03 October, 2011
Instructions for Seated Dip Exercise
The seated dip exercise tones the triceps, or the back portion of your upper arms. The machine allows you to determine the amount of weight you are pushing and using to challenge your triceps. Your triceps extend your arms and are activated when your arms are fully extended against resistance. They take up a significant portion of your upper arms and strengthening them helps you get defined arms. If you also want to work your chest, a slight exercise variation will challenge your pectoral muscles.
Take a Seat
Sit on the seated dip machine and choose an appropriate weight. Press your back against the seat’s back pad. When you sit down, you will see a handle on each side of you. Place your hands on the handles and straighten your wrists.
Tuck your elbows by your sides and relax your shoulders. Push the handles down, stopping before your arms are completely straight. Slowly lift the handles next to your torso, stopping when your arms form a 90-degree angle.
Complete 12 to 15 repetitions without moving your back or lifting your hips to accommodate the movement. Use a heavier weight if you don’t fatigue after 15 repetitions.
Work Your Chest
Sit on the seated dip machine and press your butt against the back pad. Straighten your back and lean forward 45 degrees. Relax your shoulders -- hunching them may strain them.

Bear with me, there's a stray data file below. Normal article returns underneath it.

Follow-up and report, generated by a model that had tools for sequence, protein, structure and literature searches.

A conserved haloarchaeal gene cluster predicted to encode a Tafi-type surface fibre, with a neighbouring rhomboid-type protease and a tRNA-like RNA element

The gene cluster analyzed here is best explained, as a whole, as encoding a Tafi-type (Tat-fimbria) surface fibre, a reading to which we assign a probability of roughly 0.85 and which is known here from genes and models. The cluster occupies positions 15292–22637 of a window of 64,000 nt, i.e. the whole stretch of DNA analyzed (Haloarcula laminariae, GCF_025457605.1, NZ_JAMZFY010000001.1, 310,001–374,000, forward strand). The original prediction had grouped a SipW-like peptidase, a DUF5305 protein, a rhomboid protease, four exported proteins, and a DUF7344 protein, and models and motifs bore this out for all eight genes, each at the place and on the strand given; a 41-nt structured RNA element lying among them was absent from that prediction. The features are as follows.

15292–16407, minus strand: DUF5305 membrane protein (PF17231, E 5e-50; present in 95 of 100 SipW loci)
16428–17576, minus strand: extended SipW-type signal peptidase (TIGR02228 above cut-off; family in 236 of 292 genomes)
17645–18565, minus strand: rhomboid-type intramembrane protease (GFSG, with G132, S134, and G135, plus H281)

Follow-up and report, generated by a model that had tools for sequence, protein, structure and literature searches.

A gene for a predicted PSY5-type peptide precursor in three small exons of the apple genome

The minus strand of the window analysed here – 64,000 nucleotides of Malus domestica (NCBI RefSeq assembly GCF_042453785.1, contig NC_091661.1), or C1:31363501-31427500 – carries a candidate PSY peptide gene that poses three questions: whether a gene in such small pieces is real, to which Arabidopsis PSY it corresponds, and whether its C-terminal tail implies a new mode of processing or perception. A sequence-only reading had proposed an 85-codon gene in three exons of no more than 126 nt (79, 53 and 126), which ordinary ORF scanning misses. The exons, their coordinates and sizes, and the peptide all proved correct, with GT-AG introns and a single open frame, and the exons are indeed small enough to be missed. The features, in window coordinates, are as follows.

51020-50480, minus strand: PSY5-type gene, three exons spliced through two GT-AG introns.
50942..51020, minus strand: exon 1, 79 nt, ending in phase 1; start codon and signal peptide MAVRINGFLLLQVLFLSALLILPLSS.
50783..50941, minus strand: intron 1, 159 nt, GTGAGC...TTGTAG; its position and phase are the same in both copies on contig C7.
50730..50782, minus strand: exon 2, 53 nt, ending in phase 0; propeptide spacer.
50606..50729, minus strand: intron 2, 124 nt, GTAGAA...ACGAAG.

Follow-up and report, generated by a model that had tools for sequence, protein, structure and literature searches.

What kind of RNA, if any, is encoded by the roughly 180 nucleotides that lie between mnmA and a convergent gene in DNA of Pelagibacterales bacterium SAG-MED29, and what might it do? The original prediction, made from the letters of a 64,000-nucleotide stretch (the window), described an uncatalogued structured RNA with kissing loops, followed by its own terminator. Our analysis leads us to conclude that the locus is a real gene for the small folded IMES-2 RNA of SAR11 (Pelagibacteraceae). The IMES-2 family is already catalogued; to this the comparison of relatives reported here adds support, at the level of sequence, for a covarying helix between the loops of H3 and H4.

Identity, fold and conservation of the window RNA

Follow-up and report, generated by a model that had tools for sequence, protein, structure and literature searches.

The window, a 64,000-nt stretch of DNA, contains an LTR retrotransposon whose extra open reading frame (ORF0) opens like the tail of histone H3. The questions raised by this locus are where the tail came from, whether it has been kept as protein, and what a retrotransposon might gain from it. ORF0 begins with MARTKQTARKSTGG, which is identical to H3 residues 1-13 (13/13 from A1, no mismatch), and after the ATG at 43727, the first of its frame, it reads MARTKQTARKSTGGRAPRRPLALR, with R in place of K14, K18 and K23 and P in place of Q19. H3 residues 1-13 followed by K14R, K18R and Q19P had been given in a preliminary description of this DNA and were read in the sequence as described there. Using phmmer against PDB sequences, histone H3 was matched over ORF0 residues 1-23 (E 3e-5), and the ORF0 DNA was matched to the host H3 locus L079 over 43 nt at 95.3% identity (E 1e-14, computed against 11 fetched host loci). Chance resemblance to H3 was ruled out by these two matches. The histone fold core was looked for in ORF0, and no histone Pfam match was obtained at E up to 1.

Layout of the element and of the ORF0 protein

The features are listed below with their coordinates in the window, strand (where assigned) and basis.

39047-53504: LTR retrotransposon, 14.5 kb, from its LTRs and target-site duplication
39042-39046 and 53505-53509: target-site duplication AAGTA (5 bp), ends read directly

Place your hands on the handles and tuck your elbows by your sides. Push the handles down, straightening your arms. Keep your back still and your hips on the bench as you do this.
Lift the handles to the start position and complete 12 to 15 reps, stopping when your chest and triceps fatigue. This variation challenges your muscles differently, so don't be alarmed if you need to use a different weight.
- You may also perform the seated dip exercise using a fixed park bench or a low brick wall.
- Seated dip and reverse pushup exercises may be interchanged in a daily workout.
- The chair or sofa you are using to perform seated dip exercises should not be able to move while you are exercising. Have someone hold the chair, if possible, to decrease the risk of injury.
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